Overall, West Yorkshire Police have seen a loss of around 1,200 officers. West Yorkshire Police Federation chairman Nick Smart is clear about the result: "To say it’s had no effect on frontline policing is just a nonsense.” Yet for years the Conservatives have argued just this, with the Prime Minister recently telling MPs that crime was at a record low, and ministers frequently arguing that the changing nature of crime means that the number of officers is a poor measure of police effectiveness. These figures today completely debunk that myth.

Constituents are also increasingly coming to me with concerns that crimes are not investigated once they are reported. Where the police simply do not have the resources to follow-up and attend or investigate crimes, communities lose faith and the criminals grow in confidence.

A frequently overlooked part of this discussion is that the demands on police have increased hugely, often in some unexpected ways. A clear example of this is that cuts in our mental health services have resulted in police officers having to deal with mental health issues in the custody suite. While on shift with the police last year, I saw how an average night included a series of people detained under the Mental Health Act. Due to a lack of specialist beds, vulnerable patients were held in a police cell, or even in the back of a police car, for their own safety. We should all be concerned that the police are becoming a catch-all for the state’s failures.

While the politically charged campaign to restore police numbers is ongoing, Protect The Protectors is seeking to build cross-party support for measures that would offer greater protections to officers immediately. In February, the Police Federation of England and Wales released the results of its latest welfare survey data which suggest that there were more than two million unarmed physical assaults on officers over a 12-month period, and a further 302,842 assaults using a deadly weapon.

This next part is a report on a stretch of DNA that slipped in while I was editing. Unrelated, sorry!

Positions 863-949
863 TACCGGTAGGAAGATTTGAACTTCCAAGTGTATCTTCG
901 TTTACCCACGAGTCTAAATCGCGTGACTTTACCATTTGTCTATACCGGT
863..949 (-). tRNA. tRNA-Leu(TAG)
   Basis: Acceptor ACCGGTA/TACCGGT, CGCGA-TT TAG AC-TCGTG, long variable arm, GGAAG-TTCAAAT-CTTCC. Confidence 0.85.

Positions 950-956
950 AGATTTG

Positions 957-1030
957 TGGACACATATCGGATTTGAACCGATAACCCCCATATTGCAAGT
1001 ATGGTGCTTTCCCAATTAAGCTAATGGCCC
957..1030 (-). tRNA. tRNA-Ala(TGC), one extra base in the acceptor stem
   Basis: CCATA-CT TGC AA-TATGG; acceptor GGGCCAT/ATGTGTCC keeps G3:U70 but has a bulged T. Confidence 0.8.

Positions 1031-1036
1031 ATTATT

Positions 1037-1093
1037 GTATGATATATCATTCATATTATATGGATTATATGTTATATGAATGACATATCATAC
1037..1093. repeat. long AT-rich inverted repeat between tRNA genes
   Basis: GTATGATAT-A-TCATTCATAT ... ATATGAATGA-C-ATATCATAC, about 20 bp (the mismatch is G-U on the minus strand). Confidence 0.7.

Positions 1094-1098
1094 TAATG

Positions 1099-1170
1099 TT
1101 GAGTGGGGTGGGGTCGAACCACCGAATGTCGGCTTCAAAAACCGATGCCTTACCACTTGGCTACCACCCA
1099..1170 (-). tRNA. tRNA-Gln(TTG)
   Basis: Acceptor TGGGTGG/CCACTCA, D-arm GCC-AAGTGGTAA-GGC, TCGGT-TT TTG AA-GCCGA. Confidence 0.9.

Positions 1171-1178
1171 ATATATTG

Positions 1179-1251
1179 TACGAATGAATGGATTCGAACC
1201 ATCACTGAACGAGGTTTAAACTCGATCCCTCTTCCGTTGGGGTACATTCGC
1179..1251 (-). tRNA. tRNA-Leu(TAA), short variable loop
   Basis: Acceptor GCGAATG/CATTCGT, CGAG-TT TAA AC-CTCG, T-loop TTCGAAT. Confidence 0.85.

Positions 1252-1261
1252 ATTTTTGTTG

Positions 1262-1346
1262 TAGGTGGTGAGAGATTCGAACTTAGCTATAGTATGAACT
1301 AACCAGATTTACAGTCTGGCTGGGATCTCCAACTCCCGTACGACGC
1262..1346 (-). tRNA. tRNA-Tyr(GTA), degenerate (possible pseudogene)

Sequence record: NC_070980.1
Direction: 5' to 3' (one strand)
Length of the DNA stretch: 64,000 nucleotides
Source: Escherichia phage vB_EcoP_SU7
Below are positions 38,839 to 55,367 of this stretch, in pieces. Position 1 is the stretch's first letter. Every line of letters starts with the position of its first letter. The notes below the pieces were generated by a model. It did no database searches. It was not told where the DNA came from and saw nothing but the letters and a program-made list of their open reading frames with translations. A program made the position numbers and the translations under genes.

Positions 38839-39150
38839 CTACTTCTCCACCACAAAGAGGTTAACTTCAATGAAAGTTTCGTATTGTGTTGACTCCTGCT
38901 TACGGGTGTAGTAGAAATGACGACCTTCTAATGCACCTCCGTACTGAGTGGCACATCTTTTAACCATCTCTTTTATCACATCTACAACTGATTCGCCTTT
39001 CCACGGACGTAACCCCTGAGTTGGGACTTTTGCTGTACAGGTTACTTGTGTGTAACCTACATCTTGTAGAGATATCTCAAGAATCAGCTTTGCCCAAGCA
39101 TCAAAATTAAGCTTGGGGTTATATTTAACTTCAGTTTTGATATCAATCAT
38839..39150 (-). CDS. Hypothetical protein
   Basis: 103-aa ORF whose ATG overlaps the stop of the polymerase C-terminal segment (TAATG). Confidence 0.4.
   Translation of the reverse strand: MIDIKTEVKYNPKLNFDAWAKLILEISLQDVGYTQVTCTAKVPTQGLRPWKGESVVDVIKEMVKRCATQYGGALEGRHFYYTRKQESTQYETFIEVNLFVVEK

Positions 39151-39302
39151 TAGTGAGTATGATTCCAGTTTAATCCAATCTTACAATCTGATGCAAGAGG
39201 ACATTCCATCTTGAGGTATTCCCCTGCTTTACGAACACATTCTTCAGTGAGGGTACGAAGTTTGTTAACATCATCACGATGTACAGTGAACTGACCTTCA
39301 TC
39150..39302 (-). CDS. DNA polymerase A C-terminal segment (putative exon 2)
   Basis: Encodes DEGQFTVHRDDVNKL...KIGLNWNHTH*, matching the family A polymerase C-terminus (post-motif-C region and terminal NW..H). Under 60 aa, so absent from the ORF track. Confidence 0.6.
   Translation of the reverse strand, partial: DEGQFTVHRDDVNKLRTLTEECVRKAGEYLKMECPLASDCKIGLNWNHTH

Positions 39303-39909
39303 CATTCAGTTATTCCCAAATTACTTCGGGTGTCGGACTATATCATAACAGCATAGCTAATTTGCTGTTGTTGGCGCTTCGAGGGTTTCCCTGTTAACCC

This is partly due to an increase in single crewing, which sees officers sent out on their own into often hostile circumstances. Morale in the police has suffered hugely in recent years and almost every front-line officer will be able to recall a time when they were recently assaulted.

If we want to tackle this undeniable rise in violent crime, then a large part of the solution is protecting those who protect us; strengthening the law to keep them from harm where possible, restoring morale by removing the pay cap, and most importantly, increasing their numbers.

Holly Lynch is the MP for Halifax. The Protect the Protectors bill will get its second reading on the Friday 20th October.